So, I will not degrade you or myself—not here, anyway—by calling Eckart Preu, a rock star. That would be stupid. He is the music director of a classical orchestra in a medium-sized market; the Long Beach Symphony. No amount of special “Pops” evenings featuring symphonic tributes to Motown is going to change that.

And yet, Saturday, when Preu wheeled around on his conductor platform so quickly, violently and borderline out of control that he nearly spun himself into the front row, there were traces of him not really giving a damn what anyone in the packed Terrace Theater thought at that moment. Glaring out into the darkness, his face and clothes dripping sweat, he exuded very much a “Are you not entertained?” vibe punctuated with the rock star-ish “I couldn’t care less.” Dude had done his job.

So had the other 119, or so, musicians and performers from the Long Beach Camerata singers on stage. They had just finished Beethoven’s Ninth, the final portion of that being, as you know—and let’s pretend you do—the “Ode to Joy.” As I wrote about in the piece below, it is arguably the most popular, beloved piece of music ever written and will jack up any crowd, so the fact that crowd was into it was not surprising.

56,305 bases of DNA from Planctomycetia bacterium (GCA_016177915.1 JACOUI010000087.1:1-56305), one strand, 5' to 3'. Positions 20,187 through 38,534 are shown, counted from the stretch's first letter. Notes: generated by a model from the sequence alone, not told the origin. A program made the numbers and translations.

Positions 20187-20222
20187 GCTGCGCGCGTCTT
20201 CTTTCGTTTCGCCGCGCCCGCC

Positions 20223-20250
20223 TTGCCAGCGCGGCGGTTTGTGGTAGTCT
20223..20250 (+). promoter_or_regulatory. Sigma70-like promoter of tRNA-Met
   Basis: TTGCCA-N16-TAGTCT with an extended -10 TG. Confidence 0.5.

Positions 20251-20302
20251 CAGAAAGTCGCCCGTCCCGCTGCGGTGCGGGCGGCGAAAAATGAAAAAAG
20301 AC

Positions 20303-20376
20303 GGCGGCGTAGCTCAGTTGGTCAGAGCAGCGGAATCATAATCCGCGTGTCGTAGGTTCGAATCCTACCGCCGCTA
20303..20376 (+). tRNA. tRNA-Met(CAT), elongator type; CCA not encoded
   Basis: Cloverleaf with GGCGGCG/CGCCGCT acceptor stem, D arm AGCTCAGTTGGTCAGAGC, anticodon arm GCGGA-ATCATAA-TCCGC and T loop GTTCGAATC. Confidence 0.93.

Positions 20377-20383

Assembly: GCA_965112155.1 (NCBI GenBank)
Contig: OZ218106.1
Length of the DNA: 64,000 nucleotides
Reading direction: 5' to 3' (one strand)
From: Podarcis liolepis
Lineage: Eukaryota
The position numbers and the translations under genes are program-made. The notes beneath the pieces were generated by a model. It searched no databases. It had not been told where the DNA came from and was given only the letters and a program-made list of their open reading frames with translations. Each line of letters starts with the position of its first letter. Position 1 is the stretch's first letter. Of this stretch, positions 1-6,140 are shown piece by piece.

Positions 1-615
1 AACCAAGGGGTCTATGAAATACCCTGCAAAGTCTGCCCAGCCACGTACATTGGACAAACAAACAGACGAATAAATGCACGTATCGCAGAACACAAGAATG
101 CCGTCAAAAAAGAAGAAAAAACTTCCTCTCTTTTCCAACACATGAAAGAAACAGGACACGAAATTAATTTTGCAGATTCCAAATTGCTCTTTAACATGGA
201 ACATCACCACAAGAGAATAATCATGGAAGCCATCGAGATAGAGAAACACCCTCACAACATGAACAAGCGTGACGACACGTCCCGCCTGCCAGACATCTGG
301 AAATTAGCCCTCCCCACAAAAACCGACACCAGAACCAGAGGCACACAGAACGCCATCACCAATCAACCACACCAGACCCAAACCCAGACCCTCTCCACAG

‘Oh, you’ll know’: LB Symphony’s Eckart Preu talks ‘Ode to Joy’

But the fact that the sold-out crowd sort of exploded after the orchestra and singers hit the final note, and did it again after the encore, the fact that I observed the elderly couple sitting right next to me reaching for each other’s hands—their eyes never leaving the stage—and once having found each other, clutched on to each other like they were riding out a storm, lashed to the mast. The fact that all of this was happening in and emanating from a crowd that, like so many you find at arts organization events, was significantly populated with folks who, if not actual former members of the Bull Moose Party themselves, likely had a favorite uncle who was, made all of this craziness that much more crazy.